The first free Muslim immigrants may date back to the later 16th century, when captured Muslim soldiers were deposited on the coast of North Carolina and elsewhere in the South; if so, then the Melungeons, swarthy whites living on the Cumberland Plateau in remote parts of the southeastern United States, from Virginia to Kentucky, may be their descendants.
The modern history of Muslim immigration to the United States began a decade or so after the Civil War, consisting mostly of Levantines but also a few from Yemen, South Asia, Indonesia, and elsewhere.
For example, some 700 Punjabi farmers, some of them Muslims, emigrated from India to California.
This second wave of immigration lasted, with numerical ups and downs, until 1924, when the door to non-European immigration clanged nearly shut.
Detroit has the country's largest concentration of Arabs (mostly Lebanese, Iraqis, Palestinians, and Yemenis), a legacy of the days when Henry Ford employed Lebanese laborers.
Muslims since 1965 have arrived in the United States for three main reasons: (1) Refuge. colleges and universities attracted over half a million foreign students, many of whom chose to remain in the United States, where facilities for their profession are superior, political freedoms wider, and economic rewards greater.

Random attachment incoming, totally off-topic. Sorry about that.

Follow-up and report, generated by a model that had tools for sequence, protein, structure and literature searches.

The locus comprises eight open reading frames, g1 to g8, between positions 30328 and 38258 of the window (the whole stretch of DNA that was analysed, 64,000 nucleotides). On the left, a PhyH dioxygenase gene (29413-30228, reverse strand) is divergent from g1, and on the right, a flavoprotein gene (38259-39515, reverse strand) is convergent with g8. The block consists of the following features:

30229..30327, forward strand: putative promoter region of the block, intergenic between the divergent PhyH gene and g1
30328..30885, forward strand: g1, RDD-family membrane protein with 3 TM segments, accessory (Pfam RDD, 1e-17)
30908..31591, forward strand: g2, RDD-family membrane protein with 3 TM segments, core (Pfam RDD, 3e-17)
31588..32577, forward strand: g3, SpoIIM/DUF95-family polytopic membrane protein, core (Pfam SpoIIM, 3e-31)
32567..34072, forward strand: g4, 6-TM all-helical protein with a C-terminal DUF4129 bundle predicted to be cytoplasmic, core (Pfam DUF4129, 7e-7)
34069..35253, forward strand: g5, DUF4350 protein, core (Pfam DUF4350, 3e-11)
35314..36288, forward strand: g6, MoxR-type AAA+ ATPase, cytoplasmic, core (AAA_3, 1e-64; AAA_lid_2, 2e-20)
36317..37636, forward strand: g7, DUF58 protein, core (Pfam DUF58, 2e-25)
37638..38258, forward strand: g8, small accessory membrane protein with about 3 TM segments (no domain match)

Muslims tend to live in the major metropolitan areas where immigrants historically have congregated, including the country's largest cities (New York, Los Angeles, Chicago).
More broadly, the Islamic map of the United States features four major regions, all urban: the New York to Washington area; California, especially Los Angeles and San Francisco; a triangle stretching from Chicago to Cleveland to Detroit; and Texas, especially the Houston and Dallas-Fort Worth areas.
The only town in the country with a substantial concentration of Muslim immigrants is Dearborn, Mich., where they make up perhaps 30 percent of the population; and one part of Dearborn, called Southend, is about 97 percent Muslim.
In contrast, efforts at Muslim-only towns (such as Baladullah, a Muslim enclave in the Sierra Nevada foothills of California) consist mainly of African-American converts to Islam.
With millions of Muslims now living in North America and Western Europe, the old dichotomy of Islam and the West exists no more.